Court: FSU wrong to remove student from senate president position over his Catholic beliefs
Order requires university to pay student his salary, explains that ‘those participating in the political process do not forfeit their First Amendment Freedoms’
Related Case: Denton v. Thrasher
TALLAHASSEE, Fla. – A federal court issued an order Friday that requires Florida State University to resume paying student Jack Denton his salary after unconstitutionally removing him from his position as student senate president for sharing his personal religious beliefs in private text conversations with other students. The court explained in its partial preliminary injunction against the university that “those participating in the political process do not forfeit their First Amendment Freedoms.”
“All students should be able to peacefully share their personal convictions without fear of retaliation,” said Alliance Defending Freedom Senior Counsel Tyson Langhofer, director of the ADF Center for Academic Freedom, who argued before the court on behalf of Denton on Sept. 29. “As the court found, FSU violated Jack’s constitutionally protected freedom of speech and therefore cannot withhold his salary from him in his role as student senate president. We look forward to a final resolution for Jack.”
“It is no answer to say, as FSU does, that this is merely all part of the ‘rough and tumble’ of student politics, that Denton must develop thicker skin…,” the U.S. District Court for the Northern District of Florida, Tallahassee Division, wrote in its order in Denton v. Thrasher. “Denton is not here to complain about insults or hurt feelings. His claim is that he lost his job—his student government position—because he chose to exercise his First Amendment rights.... [T]hose participating in the political process do not forfeit their First Amendment Freedoms.”
“The university administrator defendants are enjoined from continuing to enforce or give effect to the vote to remove Jack Denton to the extent that doing so means denying prospective payment for services as student senate president,” the court wrote.
On behalf of Denton, ADF attorneys filed suit against FSU administrators and student senate officials after they repeatedly and unconstitutionally retaliated against him for sharing his personal religious beliefs with other students.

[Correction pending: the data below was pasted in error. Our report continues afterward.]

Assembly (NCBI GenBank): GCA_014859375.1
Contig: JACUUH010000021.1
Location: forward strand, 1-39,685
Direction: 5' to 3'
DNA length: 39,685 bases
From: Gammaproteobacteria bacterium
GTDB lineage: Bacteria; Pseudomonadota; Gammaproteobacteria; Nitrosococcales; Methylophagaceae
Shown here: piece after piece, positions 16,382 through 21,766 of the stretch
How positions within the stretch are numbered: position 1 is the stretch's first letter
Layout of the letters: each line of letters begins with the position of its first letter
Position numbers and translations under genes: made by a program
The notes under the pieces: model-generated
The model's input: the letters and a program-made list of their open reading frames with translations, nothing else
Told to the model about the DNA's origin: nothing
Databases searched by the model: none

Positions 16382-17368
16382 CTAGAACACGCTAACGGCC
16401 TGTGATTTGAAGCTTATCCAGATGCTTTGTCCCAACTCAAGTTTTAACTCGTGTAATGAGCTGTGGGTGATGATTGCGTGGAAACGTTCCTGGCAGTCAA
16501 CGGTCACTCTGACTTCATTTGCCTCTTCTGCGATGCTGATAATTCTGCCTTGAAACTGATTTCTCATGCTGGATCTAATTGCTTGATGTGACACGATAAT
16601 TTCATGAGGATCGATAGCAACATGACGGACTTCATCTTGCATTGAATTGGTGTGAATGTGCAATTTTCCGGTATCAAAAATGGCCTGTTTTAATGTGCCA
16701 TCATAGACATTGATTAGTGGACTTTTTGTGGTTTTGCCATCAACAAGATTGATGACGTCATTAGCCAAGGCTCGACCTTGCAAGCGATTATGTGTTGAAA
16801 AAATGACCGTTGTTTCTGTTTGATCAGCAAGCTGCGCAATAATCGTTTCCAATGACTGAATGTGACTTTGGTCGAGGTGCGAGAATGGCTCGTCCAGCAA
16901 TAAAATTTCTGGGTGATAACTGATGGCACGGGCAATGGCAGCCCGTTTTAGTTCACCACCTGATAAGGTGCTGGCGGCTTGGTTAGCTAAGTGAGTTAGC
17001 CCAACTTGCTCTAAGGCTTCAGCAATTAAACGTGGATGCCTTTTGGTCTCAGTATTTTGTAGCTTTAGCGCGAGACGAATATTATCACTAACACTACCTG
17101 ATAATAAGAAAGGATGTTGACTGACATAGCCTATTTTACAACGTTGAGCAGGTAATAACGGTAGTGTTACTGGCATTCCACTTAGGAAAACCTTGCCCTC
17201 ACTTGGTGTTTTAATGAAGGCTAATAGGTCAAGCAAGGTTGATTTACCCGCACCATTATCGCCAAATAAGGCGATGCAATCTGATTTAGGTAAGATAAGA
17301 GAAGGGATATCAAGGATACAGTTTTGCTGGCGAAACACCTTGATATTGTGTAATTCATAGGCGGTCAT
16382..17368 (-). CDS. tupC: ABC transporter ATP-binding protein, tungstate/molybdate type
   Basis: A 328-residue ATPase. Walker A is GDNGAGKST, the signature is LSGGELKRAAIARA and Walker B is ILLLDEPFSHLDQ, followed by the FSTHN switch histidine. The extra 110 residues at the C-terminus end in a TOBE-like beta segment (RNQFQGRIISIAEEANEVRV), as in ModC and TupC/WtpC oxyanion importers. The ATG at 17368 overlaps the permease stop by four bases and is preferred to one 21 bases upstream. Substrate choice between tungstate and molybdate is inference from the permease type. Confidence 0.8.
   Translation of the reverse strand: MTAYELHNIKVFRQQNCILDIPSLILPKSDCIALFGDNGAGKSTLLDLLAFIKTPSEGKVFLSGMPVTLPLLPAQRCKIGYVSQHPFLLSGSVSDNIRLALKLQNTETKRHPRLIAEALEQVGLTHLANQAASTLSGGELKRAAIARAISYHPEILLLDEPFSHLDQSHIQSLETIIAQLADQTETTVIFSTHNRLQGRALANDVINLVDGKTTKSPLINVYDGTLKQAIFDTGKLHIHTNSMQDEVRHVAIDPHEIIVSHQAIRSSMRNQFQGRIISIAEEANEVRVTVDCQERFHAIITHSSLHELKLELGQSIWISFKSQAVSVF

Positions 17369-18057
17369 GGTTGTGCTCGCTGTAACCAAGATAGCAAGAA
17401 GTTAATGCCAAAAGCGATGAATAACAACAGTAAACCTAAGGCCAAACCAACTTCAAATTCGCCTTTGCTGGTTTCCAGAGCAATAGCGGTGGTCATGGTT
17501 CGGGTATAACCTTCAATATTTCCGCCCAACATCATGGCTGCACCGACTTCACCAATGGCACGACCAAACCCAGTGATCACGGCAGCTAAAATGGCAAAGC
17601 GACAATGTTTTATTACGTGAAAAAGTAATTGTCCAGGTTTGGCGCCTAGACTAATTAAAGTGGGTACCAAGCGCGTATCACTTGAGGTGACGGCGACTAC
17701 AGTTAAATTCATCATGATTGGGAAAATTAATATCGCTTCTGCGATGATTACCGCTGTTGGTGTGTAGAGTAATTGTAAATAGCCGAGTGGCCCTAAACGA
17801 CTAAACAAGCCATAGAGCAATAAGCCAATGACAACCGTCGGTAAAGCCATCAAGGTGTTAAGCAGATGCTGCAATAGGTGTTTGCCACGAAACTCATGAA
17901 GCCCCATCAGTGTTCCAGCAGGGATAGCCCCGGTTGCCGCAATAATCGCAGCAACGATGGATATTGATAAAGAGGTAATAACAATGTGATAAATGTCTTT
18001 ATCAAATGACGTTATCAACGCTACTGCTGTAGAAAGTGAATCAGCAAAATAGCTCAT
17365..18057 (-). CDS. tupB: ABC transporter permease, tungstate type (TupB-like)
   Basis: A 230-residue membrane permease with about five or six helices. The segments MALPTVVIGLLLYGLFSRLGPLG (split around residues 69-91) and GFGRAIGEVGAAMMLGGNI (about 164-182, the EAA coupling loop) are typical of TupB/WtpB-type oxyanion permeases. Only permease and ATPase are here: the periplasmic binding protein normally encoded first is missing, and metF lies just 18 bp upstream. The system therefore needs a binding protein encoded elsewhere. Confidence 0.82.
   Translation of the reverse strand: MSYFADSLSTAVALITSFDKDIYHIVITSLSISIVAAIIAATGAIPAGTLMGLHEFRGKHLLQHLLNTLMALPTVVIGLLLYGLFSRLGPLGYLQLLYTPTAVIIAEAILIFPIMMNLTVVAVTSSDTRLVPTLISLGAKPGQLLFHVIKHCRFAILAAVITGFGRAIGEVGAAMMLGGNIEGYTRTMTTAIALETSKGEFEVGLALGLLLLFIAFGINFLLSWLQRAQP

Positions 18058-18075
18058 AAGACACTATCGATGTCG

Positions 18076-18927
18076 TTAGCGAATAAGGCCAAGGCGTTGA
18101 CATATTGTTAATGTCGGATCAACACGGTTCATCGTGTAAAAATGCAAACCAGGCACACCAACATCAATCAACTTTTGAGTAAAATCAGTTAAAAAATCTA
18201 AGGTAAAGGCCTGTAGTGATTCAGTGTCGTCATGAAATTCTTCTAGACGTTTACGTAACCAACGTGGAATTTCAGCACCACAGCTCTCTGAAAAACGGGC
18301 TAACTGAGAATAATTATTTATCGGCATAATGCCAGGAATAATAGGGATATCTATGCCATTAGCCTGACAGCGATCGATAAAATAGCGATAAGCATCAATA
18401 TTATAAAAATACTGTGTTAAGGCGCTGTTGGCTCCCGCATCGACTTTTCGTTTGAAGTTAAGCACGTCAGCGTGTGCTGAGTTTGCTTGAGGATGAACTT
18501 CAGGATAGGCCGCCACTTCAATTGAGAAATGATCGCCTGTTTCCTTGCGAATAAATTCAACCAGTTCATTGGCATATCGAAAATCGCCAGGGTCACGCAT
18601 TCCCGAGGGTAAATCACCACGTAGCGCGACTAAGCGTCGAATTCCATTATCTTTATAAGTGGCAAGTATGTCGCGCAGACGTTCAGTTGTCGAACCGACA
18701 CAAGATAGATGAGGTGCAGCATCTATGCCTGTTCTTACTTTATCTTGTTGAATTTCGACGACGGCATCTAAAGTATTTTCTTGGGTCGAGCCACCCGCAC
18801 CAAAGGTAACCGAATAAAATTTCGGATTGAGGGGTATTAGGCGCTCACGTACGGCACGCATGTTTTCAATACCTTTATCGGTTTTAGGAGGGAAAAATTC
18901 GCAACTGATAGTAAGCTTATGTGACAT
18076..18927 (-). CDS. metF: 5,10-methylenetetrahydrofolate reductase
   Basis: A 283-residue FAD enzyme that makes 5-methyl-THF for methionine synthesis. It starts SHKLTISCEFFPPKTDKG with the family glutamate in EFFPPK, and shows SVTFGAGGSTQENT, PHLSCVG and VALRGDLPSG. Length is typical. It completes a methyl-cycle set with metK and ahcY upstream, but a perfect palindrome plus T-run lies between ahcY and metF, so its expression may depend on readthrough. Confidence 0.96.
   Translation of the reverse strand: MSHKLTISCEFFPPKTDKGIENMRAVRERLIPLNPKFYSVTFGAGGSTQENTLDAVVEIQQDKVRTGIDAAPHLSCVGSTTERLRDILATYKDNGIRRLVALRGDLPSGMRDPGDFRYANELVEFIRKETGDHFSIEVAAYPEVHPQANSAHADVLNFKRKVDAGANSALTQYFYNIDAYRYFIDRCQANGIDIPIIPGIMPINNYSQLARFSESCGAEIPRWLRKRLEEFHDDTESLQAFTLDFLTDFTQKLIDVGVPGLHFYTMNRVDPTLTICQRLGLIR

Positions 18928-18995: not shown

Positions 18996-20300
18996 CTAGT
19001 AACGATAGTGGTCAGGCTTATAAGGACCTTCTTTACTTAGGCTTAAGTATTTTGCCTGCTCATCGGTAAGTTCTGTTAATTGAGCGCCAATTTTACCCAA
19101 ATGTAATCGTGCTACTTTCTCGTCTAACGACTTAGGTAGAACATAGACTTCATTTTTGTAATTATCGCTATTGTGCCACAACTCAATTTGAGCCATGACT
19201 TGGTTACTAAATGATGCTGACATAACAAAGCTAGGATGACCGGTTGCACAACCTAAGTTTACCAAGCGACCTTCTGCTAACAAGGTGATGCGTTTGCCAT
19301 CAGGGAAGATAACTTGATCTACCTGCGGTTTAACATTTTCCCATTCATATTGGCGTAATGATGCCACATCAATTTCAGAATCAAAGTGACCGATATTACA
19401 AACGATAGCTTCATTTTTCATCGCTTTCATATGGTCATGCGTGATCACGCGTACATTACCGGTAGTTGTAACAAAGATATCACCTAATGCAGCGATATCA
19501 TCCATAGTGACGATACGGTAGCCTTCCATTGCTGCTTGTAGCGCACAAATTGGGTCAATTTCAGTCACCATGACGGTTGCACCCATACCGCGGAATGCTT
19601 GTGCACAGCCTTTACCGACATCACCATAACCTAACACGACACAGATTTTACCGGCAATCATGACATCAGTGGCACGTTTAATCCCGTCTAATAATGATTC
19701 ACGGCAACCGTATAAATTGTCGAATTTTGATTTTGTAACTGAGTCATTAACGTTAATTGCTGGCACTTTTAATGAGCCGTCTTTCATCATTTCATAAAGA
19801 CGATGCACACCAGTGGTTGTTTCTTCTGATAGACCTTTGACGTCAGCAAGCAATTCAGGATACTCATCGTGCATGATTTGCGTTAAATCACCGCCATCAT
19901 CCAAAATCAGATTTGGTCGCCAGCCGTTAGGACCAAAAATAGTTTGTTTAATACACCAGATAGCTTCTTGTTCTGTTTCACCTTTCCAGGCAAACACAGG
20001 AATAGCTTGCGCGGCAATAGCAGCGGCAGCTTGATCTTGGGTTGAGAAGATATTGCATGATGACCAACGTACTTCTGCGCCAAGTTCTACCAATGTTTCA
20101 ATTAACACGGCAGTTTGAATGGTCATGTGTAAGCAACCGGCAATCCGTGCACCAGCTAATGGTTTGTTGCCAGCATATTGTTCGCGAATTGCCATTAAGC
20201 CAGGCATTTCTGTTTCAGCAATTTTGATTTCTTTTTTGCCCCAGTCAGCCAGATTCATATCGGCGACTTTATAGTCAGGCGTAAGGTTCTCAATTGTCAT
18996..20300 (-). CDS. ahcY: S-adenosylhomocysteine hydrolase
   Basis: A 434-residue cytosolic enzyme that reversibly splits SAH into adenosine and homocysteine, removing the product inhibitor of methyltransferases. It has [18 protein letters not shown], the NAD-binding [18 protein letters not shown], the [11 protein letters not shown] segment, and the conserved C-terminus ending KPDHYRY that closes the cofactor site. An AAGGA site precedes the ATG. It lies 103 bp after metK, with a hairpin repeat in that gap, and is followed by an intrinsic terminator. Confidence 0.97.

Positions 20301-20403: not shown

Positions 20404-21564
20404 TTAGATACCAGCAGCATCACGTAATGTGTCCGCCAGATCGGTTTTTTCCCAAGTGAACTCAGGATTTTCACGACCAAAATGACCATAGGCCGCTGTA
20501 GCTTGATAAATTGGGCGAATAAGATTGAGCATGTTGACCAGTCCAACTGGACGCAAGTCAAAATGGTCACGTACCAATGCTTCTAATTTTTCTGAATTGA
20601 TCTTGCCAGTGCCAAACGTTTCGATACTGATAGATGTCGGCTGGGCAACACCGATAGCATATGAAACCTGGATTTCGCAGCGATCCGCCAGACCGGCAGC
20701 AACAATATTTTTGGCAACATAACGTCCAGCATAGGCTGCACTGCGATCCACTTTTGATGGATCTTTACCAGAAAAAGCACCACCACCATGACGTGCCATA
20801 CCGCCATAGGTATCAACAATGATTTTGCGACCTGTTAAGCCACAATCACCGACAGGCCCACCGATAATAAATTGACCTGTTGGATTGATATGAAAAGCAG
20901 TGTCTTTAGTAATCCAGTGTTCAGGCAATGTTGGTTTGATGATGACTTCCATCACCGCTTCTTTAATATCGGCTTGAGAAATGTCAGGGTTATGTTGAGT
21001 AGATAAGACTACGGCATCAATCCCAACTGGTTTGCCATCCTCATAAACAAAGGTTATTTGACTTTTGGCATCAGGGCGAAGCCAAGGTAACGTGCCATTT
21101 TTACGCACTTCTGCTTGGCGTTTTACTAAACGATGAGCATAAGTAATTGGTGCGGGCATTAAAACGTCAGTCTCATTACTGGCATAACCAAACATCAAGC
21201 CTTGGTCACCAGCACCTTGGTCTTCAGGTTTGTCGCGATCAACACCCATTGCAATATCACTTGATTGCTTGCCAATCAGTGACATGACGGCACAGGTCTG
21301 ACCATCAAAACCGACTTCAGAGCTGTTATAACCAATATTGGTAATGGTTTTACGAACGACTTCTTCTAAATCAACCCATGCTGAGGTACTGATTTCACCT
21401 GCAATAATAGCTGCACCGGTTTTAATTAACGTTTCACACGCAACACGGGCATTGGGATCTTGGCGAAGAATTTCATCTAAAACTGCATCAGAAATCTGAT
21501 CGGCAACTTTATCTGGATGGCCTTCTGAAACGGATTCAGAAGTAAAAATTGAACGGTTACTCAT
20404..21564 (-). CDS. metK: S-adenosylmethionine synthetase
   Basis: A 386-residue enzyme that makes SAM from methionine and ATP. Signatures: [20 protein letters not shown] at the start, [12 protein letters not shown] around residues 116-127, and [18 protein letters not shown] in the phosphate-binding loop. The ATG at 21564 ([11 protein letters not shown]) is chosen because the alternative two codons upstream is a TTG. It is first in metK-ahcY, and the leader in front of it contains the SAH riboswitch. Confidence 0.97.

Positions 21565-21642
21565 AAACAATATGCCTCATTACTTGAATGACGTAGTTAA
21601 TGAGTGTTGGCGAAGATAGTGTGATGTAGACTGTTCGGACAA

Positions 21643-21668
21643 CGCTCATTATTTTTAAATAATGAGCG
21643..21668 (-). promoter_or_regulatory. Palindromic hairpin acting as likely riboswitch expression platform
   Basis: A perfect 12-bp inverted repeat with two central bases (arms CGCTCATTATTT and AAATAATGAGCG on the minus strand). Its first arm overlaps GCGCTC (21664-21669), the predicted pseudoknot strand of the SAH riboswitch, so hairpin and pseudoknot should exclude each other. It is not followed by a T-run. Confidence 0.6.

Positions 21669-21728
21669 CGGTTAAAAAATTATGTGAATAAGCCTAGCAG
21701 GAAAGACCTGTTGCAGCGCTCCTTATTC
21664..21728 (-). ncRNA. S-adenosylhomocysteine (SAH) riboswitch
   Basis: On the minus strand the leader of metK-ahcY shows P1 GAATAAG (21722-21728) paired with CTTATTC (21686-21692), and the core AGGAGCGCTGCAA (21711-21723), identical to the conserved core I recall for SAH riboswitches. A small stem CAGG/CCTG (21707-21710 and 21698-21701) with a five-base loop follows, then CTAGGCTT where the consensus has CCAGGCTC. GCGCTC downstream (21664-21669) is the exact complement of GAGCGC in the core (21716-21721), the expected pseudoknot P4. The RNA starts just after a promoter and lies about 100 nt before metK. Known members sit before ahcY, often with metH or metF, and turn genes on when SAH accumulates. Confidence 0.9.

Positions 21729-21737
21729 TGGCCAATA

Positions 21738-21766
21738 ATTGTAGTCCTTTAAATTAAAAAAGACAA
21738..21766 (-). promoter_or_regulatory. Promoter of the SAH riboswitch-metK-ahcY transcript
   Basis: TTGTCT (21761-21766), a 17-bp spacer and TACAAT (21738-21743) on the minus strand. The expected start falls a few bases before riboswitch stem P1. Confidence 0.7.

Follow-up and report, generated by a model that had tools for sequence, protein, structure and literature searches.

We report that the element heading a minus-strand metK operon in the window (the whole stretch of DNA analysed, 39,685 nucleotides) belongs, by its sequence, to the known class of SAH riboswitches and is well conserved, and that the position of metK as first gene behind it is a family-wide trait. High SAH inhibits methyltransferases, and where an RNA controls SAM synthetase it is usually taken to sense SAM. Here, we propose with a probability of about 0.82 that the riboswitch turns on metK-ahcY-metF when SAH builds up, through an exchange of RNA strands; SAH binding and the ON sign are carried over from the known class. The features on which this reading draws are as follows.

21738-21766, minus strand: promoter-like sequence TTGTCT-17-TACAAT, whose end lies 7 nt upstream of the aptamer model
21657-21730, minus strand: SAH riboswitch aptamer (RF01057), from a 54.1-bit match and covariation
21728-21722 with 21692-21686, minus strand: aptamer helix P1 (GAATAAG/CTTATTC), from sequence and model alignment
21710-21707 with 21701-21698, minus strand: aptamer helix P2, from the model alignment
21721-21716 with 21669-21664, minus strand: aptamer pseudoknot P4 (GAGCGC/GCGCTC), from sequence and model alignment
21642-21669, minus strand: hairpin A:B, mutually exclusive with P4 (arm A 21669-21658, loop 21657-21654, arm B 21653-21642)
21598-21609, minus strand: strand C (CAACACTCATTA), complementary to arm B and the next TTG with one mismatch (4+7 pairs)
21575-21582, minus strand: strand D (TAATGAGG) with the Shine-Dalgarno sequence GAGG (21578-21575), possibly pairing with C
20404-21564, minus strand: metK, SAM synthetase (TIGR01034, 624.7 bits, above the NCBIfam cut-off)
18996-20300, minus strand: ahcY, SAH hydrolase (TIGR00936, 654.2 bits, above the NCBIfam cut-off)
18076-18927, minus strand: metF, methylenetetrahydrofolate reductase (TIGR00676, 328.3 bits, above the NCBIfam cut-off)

In a June 3 private text conversation with fellow Catholic students, Denton suggested that BlackLivesMatter.com, Reclaim the Block, and the ACLU advocate for causes opposed to Catholic teaching, so Catholic students may wish to avoid supporting them financially. After one student took screenshots of Denton’s private messages and shared them publicly on social media, students mocked and misrepresented his remarks and demanded his removal from leadership as the SGA’s student senate president. After a failed vote of no-confidence on June 3, student senators approved Denton’s removal two days later. Students who supported the motion stated that they sought to remove Denton because of his beliefs, as communicated in the private texts.
“Florida State should be fostering real diversity of thought, not punishing individuals based on their religious convictions or political beliefs,” Langhofer said. “While FSU students claim they’re creating a ‘safe space,’ they’ve tried to cancel Jack’s freedoms and discriminate against him because they don’t like his beliefs, in direct violation of the school’s SGA Ethics Code, the Student Body Constitution, and—most importantly—the First Amendment.”
Mark Welton, one of more than 3,400 attorneys allied with ADF, is serving as local counsel for Denton.
- Pronunciation guide: Langhofer (LANG’-hoff-uhr)
The ADF Center for Academic Freedom is dedicated to ensuring freedom of speech and association for students and faculty so that everyone can freely participate in the marketplace of ideas without fear of government censorship.
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